Over the course of several months dozens of people reached out to Lathrop Mayor Sonny Dhaliwal about what they claimed were unusually high water bills.
And after the City of Lathrop investigated all of the claims as they came in – including some that were made publicly at Lathrop City Council meetings – they have determined that all but one of the bills were the result of an increase in water usage by the customer.
According to Lathrop Finance Director Cari James, the city thoroughly investigated each and every claim that was made to the city – even going so far as partnering with public works to go out and investigate the circumstances surrounding the claims – and failed to find any evidence that the bills were incorrect or that the city errored on the totals that were sent to residents.
Only one case, James said, was as the result of a water leak, and several were found to be attributed to instances where a power reset caused an automated sprinkler system to reset and run without the knowledge of the homeowner.
“With the way that the system works now, we can actually look and see exactly when water is being used, and in some of these cases the rise in usage coincided with what appeared to be sprinkler usage,” James said. “We have worked with several residents to arrange payments so that they can continue service, but in cases like that they are still responsible for the water that they use.”
In one case, at a Lathrop City Council meeting, one Lathrop resident even claimed that the city’s water meters were defective and to blame for the unusually high water bill that the homeowner said could not have been correct.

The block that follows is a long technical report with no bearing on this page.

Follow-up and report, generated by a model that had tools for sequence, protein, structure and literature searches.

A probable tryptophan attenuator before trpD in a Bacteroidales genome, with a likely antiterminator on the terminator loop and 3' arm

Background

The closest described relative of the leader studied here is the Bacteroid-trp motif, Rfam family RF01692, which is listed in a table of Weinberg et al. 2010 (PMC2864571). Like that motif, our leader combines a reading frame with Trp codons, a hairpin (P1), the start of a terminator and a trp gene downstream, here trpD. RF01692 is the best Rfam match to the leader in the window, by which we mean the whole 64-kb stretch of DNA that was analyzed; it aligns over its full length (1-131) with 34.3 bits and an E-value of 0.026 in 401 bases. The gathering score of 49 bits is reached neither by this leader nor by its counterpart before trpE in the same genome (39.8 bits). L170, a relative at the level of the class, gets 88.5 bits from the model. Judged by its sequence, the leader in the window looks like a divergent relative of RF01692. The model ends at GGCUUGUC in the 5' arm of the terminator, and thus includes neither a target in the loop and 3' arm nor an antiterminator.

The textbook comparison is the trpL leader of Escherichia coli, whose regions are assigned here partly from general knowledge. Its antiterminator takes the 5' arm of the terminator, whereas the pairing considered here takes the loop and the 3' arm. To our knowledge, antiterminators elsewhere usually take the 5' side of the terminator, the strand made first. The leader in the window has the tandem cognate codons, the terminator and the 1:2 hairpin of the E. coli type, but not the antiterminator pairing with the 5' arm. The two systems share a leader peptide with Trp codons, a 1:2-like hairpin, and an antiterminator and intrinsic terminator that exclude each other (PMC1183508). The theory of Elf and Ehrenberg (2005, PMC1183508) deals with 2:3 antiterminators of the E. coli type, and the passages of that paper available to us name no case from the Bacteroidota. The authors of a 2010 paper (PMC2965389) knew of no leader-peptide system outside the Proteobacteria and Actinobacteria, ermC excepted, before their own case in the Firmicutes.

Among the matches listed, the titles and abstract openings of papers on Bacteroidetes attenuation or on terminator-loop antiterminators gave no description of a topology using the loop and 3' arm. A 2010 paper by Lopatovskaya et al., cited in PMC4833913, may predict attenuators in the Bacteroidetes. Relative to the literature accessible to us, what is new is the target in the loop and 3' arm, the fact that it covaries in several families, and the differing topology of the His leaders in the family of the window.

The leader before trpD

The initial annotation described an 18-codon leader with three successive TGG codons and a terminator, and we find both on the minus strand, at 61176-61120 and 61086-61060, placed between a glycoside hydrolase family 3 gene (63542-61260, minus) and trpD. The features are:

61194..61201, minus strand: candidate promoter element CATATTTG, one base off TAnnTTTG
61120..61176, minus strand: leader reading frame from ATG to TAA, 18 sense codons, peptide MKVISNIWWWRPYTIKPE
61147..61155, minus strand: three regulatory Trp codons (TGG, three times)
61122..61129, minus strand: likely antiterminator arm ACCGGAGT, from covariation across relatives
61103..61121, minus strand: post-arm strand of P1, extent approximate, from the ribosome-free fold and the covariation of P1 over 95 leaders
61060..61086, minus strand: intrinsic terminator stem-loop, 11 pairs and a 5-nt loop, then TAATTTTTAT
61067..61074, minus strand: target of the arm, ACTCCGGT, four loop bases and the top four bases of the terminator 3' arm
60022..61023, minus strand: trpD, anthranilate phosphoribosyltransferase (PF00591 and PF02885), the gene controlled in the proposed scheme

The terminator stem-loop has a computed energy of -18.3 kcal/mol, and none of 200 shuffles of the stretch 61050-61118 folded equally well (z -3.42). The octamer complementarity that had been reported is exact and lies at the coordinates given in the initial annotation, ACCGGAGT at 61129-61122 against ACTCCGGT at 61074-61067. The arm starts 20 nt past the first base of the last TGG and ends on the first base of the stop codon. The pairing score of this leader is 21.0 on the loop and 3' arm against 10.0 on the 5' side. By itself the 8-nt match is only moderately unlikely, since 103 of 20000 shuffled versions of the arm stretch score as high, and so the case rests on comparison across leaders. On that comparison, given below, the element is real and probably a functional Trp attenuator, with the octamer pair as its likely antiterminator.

According to James, who researched that claim with public works, the city’s water meters do have the ability to be defective – but only in a way that benefits the homeowner and not the city.
Because the meters actually turn when water flows through them, the only defect in the meter itself would come if the mechanism that measures of the flow of water stops turning – allowing water to flow through to residents without being logged, and therefore benefitting the ratepayer rather than penalizing them.
“It doesn’t work in such a way that it would measure water being used if it wasn’t actually being used,” James said. “We’re willing to work with people when these instances happen, but a lot of these increases were during the summer months when water usage typically goes up.”
That’s not to say that the City of Lathrop won’t cut somebody a break in the event of an emergency.
James said that if somebody does have a catastrophic water leak that leads to a drastic spike in water usage and requires a plumber to come out and repair, all that they have to do is prove to the city that such an event happened – like bringing in their plumbing bill – and the city will gladly average out their bill.
But there are stipulations to that.
“We wouldn’t be able to do that for anything involving sprinklers or landscaping,” James said. “Somebody that has a broken sprinkler that they take two months to repair is different than somebody that has a pipe in their home break.”
The City of Lathrop does provide a free water conservation kit to residents to help curb excessive water use which includes small, easy household additions that take care of most instances where water is wasted. The kits can be picked up stopping by Lathrop City Hall – located at 390 Towne Centre Drive – from Monday through Thursday from 8 a.m. to 6 p.m. and Friday from 8 a.m. to 5 p.m., and requesting one from the Public Works Department.
To contact reporter Jason Campbell email email@example.com or call 209.249.3544.